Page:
“Endless war” and “forever wars” are both terms that are casually used to characterize U.S. military operations abroad. These characterizations appeal strongly to audiences inclined to oppose military operations, but the use of these expressions imply intellectual laziness. People who use them typically toss them out without addressing either why the military is engaged in the action or the potential consequences of ending the operation prematurely.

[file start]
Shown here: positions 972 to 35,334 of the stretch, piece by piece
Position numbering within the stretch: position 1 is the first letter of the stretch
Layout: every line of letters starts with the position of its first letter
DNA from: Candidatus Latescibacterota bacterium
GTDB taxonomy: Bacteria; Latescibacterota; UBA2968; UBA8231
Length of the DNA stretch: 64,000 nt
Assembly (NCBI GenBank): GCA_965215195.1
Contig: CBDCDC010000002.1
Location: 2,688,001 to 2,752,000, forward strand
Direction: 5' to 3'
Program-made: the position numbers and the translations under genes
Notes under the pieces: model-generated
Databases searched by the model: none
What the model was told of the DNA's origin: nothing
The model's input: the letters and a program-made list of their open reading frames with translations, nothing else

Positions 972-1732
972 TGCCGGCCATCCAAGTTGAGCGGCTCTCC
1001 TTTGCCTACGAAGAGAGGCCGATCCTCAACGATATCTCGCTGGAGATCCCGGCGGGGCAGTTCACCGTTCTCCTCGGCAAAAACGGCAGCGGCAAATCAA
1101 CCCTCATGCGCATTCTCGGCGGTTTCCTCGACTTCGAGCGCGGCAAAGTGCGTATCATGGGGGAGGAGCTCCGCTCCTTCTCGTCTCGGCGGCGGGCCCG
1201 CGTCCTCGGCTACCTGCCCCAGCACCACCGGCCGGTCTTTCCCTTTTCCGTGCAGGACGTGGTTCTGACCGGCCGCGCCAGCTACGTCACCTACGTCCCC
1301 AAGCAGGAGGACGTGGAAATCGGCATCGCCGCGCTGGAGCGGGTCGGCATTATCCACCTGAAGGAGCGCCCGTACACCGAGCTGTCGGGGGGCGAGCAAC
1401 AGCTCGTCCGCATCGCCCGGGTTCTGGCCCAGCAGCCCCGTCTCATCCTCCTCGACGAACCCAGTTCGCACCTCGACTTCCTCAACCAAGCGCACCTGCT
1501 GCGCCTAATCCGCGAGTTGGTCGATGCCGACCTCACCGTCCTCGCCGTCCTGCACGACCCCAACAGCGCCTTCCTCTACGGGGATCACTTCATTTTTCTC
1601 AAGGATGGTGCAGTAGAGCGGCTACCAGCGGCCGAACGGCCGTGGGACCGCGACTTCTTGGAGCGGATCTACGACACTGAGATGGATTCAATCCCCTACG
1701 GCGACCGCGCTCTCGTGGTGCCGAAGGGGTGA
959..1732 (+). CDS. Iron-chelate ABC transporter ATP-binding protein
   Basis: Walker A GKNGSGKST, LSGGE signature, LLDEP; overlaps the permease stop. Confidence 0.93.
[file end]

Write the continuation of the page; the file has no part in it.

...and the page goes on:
To be sure, overseas operations that continue for years warrant regular scrutiny. After all, there should be a compelling reason Americans are put into harm’s way. Moreover, the public that is paying for those operations has a right to know whether their taxes are being effectively used toward a worthwhile purpose.
These days, the term “endless wars” is being employed more as political sloganeering than as a serious critique of continued U.S. involvement in places like Afghanistan, Iraq, Syria, and Somalia. Yet, in every case, these countries, their circumstances, the threats to U.S. interests involved, and the larger geopolitical story that shapes policy toward each are unique.